Ayos lang. Hintay lang muna tayo.
I knew I was a smart student; the task at hand should have been easy.
Then shit happened.
Suddenly, it seemed I could not hear my patient’s arterial pulsation anymore. There was no flicking of the dial on the sphygmomanometer. But I was not sure. I tried both the bell and the diaphragm of my stethoscope. Still, there was hardly any sound with either. Perhaps there was no sound at all. I put my stethoscope on my patient’s other arm (Parang wala) and then on his chest (Parang wala pa rin).
“Dok, ano pong problema?” asked one of the relatives.
“Chini-check ko lang po ang puso ni Tatay.”
I did not look up. Copious amounts of sweat began to form on my forehead and neck. Drops started to fall on the patient and on his stretcher. Panic had set in.
A surgery resident apparently noticed my frantic attempts to hear a heart sound and said, “Code na yata ‘yang patient mo.”
Code? Are you implying that my patient’s heart has just stopped again, right here and right now, under my watch?
“Sandali lang po,” I told the relatives who had now created a commotion. Imagine the mixture of “Tsk, tsk” and muffled cries I received in reply.
Distraught, I went back to the Medicine ward to look for my intern.
“Sorry Ofelia, pwede mo bang silipin ‘yung pasyente ko? Parang hindi ko yata marinig ‘yung BP eh.” (Even at that point, I could not commit!)
“Ha? Eh nasaan na ‘yung patient?”
I left my patient, who was possibly in cardiac arrest. Not the smartest thing to do, eh?
That was how my senior intern and I ended up running all the way back to Radiology, where she auscultated my patient’s chest and said, “May heart rate pa naman, pero sobrang faint at brady. Code na ‘to, Ronnie.”
“Sumampa ka na sa stretcher, pards,” suggested the surgery resident.
So I did. I started chest compressions as fast and as hard as I could, as if wanting to make up for lost time. Intern, utility worker, and relatives pushed stretcher (now twice as heavy) back to the ward, where emergency medications could be given in an attempt to rev my patient’s heart back to life.
“CODE! CODE! CODE!”
In the ward, a classmate took over and continued chest compressions.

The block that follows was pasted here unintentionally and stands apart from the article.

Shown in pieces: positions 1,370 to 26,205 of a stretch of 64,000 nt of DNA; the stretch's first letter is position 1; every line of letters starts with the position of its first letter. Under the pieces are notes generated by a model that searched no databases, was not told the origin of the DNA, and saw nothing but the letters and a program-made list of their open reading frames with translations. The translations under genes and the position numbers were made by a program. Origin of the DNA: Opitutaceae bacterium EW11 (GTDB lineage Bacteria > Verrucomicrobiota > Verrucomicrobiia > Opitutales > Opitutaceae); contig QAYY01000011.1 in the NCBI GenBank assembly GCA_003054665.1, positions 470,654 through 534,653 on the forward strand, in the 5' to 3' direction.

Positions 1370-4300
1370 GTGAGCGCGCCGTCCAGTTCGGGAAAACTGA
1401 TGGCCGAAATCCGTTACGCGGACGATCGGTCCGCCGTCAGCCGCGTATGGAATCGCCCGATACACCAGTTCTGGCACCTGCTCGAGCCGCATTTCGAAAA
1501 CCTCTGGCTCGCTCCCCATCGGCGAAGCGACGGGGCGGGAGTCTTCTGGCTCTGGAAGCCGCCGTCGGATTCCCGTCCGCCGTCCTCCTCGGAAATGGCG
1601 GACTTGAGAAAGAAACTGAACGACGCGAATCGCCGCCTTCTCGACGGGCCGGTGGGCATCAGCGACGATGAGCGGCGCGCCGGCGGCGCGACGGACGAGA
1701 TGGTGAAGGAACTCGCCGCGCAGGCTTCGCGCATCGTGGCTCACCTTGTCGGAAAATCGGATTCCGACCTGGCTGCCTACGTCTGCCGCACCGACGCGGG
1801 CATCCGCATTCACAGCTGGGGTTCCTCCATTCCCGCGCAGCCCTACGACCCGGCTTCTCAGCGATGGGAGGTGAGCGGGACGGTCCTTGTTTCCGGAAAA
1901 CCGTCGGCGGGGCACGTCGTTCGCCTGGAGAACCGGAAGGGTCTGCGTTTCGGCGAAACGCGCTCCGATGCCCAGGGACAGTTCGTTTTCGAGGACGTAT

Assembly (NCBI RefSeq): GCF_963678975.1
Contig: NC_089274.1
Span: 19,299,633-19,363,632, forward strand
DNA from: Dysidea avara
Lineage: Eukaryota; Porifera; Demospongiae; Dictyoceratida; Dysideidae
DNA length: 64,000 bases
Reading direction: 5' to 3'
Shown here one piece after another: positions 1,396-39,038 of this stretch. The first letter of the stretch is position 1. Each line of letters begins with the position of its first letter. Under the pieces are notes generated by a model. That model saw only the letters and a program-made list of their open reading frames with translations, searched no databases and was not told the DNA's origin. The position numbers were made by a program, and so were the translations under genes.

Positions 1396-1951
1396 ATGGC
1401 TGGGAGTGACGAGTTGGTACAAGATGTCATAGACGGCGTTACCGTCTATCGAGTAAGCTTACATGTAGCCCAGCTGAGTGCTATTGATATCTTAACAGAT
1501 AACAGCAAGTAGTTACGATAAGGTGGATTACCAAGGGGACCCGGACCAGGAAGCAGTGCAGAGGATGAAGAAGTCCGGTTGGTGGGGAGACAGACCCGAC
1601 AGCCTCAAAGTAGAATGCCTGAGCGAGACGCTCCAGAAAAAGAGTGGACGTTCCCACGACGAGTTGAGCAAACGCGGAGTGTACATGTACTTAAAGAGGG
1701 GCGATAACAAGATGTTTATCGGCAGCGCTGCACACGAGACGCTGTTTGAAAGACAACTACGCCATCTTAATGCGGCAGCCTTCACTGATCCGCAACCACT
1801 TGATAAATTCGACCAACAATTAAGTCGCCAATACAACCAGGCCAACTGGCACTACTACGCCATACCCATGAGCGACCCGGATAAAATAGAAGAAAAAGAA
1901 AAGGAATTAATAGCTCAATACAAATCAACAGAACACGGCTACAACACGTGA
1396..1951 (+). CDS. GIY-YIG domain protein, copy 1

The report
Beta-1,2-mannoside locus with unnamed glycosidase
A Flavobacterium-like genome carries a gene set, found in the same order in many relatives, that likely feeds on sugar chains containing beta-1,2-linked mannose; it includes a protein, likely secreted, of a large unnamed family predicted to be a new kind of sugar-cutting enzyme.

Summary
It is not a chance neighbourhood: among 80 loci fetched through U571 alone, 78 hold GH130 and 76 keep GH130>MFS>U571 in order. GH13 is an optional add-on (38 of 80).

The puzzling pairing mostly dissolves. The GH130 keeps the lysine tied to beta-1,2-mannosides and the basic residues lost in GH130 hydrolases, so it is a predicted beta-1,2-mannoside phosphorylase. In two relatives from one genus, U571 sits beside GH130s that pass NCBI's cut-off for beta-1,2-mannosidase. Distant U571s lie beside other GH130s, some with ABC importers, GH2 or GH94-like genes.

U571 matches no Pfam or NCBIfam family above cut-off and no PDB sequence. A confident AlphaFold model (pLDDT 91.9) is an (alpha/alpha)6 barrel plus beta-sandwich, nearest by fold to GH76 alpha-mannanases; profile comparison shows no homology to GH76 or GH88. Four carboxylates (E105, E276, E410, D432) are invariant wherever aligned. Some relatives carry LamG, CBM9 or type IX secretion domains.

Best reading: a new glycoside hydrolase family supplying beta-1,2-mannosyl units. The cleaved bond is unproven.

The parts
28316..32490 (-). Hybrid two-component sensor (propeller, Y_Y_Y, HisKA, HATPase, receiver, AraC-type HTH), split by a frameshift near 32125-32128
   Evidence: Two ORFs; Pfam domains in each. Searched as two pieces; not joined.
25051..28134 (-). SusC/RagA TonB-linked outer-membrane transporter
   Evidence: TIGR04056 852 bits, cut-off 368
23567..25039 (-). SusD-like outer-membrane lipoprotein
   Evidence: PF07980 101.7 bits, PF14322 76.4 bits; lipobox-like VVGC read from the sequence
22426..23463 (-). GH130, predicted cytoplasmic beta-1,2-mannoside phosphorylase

I walked away.
My senior intern eventually found me in the hallway leading to the ward entrance. I was teary-eyed from guilt. I castigated myself for being undecisive, panicking, and making the wrong decision at the most critical moment.
“OK ka lang, Ronnie?” she said. “Ganyan talaga sa simula.”
I wiped my eyes and forced a smile.
“Thank you ha.”
I fixed my eyeglasses, and walked back to the call room where paperwork was waiting.
I know how it feels to be monitoring patients day in and day out. It is repetitive work with seemingly no other purpose than to induce fatigue among medical students. One of the best things about graduating was realizing that I didn’t have to bring my BP apparatus anymore every time I went on duty.
But when you become a resident, you realize how accurate and timely referrals could spell the difference between life and death. When we fail to recognize signs and symptoms on time, it is the patient who pays for the delay.
You are still a student. You should always have a low threshold for patient complaints. Never dismiss them as “Wala lang.” Neither should you adopt an “Ayos lang ‘yan” attitude when patients or relatives notice that something does not feel quite right. Whenever something feels amiss, seriously consider the possibility that you are missing something. If the patient later on turns out to be OK, there would be no additional harm done.
Look back at the events of that afternoon. What went wrong?
I hope you learn from this, as I did from my mistakes.